TODAY: Navalny released from prison; Roscosmos failed to report Soyuz mission failure; Communist candidate blocked by opposition in Siberia; labour chief fired over pension comments; Orthodox leaders meet in Minsk to discuss Ukraine split; Trump on Putin as an assassin; former Armenian President and Putin ally returning to politics.
Opposition leader Alexei Navalny has been released from prison after a second back-to-back term of three weeks, following his initial stay of 30 days, for organising anti-Kremlin protests in the wake of recent pension reforms. “If anyone thinks that with arrests…they can scare or stop us, that is clearly not the case,” he said; he also referenced the failed launch of the Soyuz spacecraft last week as “evidence that this regime has conclusively degraded” since his sentence began. Roscosmos failed to contact the press regarding the failed mission last week, instead allowing the news to reach Russian citizens via NASA, prompting the Daily Beast to reflect on a pattern of Russia’s embarrassment regarding public failures. Popular Communist candidate Valentin Konovalov would be elected governor of Siberia if his opponents would stop putting off the vote. Natalya Sokolova, Saratov’s labour chief, has been fired after insisting that a $53 pension is enough for retirees to live on (the minimum subsistence level in Russia is $200).
Russian Orthodox Church leaders are meeting in Minsk today over the Ukrainian Church’s bid for independence. Writing about the impending Orthodox split between Russia and Ukraine, Leonid Bershidsky explains why “it’s as difficult for Putin as it is for Moscow Patriarch Kirill to accept an independent Ukrainian church blessed by Constantinople”. This piece says Orthodox Russian businessmen and officials have “played a role in fomenting the conflict”, which has intensified since 2014 when Russia’s orthodoxy failed to condemn bloodshed in eastern Ukraine. The Kiev administration is painting the split as “part of a broader pattern of global intervention that had isolated Mr Putin,” says the FT; the Guardian argues that “the potential for further violence is real”.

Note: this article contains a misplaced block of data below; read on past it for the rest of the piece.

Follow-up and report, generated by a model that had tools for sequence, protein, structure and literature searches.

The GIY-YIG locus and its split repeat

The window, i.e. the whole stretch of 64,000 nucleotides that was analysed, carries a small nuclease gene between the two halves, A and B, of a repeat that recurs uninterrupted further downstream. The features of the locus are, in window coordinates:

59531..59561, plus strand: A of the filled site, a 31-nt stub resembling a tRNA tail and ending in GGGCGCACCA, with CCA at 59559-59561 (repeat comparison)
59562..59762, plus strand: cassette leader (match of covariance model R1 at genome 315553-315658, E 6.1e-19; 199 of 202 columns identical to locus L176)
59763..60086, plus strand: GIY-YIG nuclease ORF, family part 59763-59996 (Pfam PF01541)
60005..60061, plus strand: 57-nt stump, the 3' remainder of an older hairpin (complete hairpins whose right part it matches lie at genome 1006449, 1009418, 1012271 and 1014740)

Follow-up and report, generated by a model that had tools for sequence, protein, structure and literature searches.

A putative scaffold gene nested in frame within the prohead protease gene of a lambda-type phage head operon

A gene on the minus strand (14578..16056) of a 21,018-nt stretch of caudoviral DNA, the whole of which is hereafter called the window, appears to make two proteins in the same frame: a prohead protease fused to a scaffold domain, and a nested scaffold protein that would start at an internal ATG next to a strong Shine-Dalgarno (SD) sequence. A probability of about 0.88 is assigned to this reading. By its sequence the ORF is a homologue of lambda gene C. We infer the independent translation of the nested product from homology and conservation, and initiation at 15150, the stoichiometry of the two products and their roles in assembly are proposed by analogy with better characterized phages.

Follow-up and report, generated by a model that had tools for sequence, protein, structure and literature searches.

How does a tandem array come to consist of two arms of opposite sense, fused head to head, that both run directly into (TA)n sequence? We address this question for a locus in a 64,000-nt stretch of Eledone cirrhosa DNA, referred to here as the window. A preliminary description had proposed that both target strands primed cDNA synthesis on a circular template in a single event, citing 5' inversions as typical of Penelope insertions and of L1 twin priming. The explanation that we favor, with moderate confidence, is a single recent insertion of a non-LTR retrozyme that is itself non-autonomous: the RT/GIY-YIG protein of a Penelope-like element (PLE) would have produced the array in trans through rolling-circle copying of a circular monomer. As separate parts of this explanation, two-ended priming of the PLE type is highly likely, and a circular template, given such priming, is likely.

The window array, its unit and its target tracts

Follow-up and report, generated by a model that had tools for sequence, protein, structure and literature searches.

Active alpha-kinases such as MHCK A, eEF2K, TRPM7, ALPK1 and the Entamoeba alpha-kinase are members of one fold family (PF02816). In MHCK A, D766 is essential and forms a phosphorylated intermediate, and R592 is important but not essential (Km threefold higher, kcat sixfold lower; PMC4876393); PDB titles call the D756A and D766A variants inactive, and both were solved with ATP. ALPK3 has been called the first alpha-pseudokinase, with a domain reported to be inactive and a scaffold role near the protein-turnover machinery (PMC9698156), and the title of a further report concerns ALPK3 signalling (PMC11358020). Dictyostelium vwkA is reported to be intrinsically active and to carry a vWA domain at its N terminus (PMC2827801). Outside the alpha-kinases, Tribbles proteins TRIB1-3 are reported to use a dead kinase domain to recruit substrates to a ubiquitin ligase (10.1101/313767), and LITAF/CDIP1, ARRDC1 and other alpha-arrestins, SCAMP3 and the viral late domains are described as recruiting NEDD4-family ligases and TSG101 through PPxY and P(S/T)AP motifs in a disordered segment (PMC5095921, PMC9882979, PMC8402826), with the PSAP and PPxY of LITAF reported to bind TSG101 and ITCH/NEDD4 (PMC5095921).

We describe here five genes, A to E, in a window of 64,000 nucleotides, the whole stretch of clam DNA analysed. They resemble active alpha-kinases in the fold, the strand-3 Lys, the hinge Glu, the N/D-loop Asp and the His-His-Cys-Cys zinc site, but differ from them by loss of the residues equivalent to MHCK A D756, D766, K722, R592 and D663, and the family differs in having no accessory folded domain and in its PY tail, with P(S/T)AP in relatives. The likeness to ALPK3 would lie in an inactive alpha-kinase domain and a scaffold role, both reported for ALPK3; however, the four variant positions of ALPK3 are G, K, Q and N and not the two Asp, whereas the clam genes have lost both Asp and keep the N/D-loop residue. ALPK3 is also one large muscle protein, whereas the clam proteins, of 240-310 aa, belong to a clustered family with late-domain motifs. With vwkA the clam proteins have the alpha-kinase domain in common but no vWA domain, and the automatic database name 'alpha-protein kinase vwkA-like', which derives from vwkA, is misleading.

US President Trump, asked whether or not Putin is involved in assassinations and poisonings, replied, “probably he is, yeah […] but I rely on them; it’s not in our country”. Robert Kocharyan, the former Armenian President who is a close ally of Vladimir Putin, is retuning to politics.
PHOTO: Alexei Navalny leaves a detention centre near Moscow after serving a three-week sentence. Photograph: Pavel Golovkin/AP